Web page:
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Dog and Cat Theology…

February 24, 2007

was in the news.  A friend found an old newspaper clipping from March 2004 on a Missouri Baptist University Spring Lecture Series on "Cat and Dog Theology".  The seminar thrust was to challenge postmodern thought that interprets the Bible only through personal experiences.  (In defense of postmoderns, has a credible hermeneutic such as using Scripture to interpret Scripture been consistently taught in the plethora of church movements and fads, Bible studies and Christian books that flood the evangelical market?)

The seminar described two Christian viewpoints with a dog and cat metaphor.  The dog is described as believing, "You pet me, You feed me, You shelter me, and You love me.  You must be God."  Whereas the cat’s intrinsic belief is described as, "you pet Me, you feed Me, you shelter Me, and you love Me.  I must be God."

Gerald Robinson, one of the speakers, stated, "The average true believer says the Bible is all about God, but lives as if humanity is…Humanity often replaces God on the throne."  Bob Sjogren, co-authored with Robinson, challenged the listeners to switch from "me-ology" to theology.  Theology being accurately described as the study of God in Scripture that reveals God to be the main character and not humanity.

From Genesis 1:1, "In the beginning God created the heavens and the earth."  Man doesn’t even enter the world stage until the 6th day when with his life companion in hand, he and she very quickly begin to egocentricize the harmony of the garden to that of meeting their felt needs. 

Genesis 3:6, "When the woman saw that the fruit of the tree was good for food and pleasing to the eye, and also desirable for gaining wisdom, she took some and ate it.  She also gave some to her husband, who was with her, and he ate it."

Good, pleasing, and desirable–now there are some words of personal experiential interpretative standard, for sure.  I’m not dinging personal experiences because obviously God gives those too, He is the sovereign One.  He knows the frailty of our physicality and allows events to occur that like a child touching a hot stove or feeling a mother’s caress, remind us in our flesh of the power of His hand.  However, when personal experiences in this case, or in any other, were, or are, held only to that of man’s wisdom, a limited entity, and not to God’s wisdom, an unlimited and infinite entity, trouble happeneth.  And it still does today.

Personal experience as an interpretative standard alone, without Scriptural parameters of God’s instructions, from His Word, fails.  "He who trusts in himself is a fool, but he who walks in wisdom is kept safe."  Proverbs 28:26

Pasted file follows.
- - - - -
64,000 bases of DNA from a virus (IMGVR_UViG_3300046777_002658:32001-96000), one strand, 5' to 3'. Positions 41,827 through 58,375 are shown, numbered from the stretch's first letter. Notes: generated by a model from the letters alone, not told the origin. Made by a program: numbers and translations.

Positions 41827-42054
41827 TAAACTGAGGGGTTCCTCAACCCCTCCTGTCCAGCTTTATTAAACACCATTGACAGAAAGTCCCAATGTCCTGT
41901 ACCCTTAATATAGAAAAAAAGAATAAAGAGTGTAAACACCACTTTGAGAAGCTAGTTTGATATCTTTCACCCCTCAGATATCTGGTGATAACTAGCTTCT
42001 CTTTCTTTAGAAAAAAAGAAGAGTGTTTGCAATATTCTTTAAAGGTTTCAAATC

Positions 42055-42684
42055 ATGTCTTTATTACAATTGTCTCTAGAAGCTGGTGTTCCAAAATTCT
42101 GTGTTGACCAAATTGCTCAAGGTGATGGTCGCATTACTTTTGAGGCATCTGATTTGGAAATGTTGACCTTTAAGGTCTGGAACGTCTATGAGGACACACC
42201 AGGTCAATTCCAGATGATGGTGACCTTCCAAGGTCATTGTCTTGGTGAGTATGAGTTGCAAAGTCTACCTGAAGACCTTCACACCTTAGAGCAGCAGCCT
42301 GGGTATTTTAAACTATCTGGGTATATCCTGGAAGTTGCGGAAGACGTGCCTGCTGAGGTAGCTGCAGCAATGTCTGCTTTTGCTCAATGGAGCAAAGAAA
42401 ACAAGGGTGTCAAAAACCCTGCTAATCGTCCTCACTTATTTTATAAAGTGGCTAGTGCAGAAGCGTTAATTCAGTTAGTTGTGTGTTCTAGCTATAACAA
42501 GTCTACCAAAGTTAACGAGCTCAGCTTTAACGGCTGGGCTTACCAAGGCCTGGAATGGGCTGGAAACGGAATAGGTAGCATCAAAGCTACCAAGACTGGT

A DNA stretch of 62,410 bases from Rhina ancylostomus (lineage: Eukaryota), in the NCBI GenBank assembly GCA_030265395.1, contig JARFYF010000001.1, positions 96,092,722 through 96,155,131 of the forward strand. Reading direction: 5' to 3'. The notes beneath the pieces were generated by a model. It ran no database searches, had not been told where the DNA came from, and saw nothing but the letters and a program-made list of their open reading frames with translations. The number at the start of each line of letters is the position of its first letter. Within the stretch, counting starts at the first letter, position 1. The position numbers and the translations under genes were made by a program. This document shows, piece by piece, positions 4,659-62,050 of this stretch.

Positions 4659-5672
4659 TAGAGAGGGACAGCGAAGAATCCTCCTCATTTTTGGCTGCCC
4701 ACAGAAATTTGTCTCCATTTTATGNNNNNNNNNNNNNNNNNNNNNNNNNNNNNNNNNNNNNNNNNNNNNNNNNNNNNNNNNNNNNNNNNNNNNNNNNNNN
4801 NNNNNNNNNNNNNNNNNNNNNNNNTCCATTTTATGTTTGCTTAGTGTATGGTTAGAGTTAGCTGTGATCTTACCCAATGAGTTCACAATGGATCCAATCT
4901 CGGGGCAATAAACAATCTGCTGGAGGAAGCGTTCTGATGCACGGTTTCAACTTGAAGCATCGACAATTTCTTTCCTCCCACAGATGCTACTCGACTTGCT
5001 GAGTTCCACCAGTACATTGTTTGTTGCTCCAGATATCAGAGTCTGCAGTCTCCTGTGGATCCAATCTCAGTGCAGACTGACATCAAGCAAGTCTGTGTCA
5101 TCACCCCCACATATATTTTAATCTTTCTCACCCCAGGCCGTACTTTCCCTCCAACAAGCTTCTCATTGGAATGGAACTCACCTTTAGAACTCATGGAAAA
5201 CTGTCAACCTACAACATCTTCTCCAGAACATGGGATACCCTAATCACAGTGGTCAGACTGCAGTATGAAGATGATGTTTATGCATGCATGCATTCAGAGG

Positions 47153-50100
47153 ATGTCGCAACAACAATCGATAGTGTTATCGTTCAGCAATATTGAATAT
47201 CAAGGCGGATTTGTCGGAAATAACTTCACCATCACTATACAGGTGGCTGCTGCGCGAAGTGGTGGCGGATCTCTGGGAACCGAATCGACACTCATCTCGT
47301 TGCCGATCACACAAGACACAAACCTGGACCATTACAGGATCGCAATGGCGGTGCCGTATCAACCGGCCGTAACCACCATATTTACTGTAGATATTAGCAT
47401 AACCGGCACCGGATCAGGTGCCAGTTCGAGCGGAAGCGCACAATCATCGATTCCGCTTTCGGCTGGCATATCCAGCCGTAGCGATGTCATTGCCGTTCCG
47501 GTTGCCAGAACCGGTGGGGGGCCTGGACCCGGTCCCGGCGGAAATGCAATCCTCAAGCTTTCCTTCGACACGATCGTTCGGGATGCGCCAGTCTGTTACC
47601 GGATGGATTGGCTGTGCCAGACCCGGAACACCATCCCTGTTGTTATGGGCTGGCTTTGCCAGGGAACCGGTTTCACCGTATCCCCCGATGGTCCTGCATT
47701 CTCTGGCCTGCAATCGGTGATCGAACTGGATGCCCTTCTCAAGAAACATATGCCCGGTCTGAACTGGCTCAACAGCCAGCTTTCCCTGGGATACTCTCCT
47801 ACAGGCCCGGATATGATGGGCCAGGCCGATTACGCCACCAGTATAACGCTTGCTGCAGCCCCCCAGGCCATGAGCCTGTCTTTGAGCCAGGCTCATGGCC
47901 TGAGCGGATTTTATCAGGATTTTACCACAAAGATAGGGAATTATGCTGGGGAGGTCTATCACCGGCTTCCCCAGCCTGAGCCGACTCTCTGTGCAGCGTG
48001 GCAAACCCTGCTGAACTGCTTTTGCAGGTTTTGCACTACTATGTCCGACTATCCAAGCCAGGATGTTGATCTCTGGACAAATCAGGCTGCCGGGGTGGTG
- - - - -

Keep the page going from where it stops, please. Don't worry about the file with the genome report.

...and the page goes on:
God alone must be the study in our -ology. "Trust in the Lord with all your heart and lean not on your own understanding; in all your ways acknowledge him, and he will make your paths straight.  Do not be wise in your own eyes; fear the Lord and shun evil."  Proverbs 3:5-7

But here’s my question, what do you think God feels thinks about herding cats?

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8 Comments leave one →
  1. February 24, 2007 12:04 pm

    Os Guinness says, “Christianity isn’t true because it works, Christianity works because it is true.”

    Sadly, experience seems to be the thing upon which we base truth these days, rather than the inerrant Word of God.

    Great post, Elle!

  2. February 25, 2007 11:23 am

    Perhaps this explains why I am so totally a dog person. :) I love the dog/cat analogy and your thoughts on it.

    Now about that last line…which cracked me up…herding cats is what we call it when we’re trying to get the kids to get something done. Now there’s so much more meaning to it!

  3. Jif permalink
    February 25, 2007 8:42 pm

    Hey,
    Found you! Neat post. I’ll be back.
    L

  4. February 26, 2007 8:48 am

    Tragically, much of the postmodern Church embraces cat theology. The Word Faith teachers are famous for telling their generous followers that they are “little Gods” (http://www.letusreason.org/Pent11.htm). Kenneth Copeland, Word Faith Mega Pastor, even goes so far as to deny the divinity of Christ.

    Jesus told Copeland, “They crucified Me for claiming that I was God. But I didn’t claim I was God; I just claimed I walked with Him and that He was in Me. Hallelujah.” (Kenneth Copeland, Take Time to Pray, Believer’s Voice of Victory February 1987)

  5. February 26, 2007 10:12 am

    Love the dog / cat theology! How true! Wonderful post, as always…

  6. Andrew permalink
    November 25, 2008 10:07 pm

    Thanks for the analogy – I just heard it a week ago, for the second time, and thought I’d look it up. God bless.

Trackbacks

  1. Neither here nor there… « A Complete Thought
  2. dog and cat theology? or retarded cats? « Pragmatic Compendium

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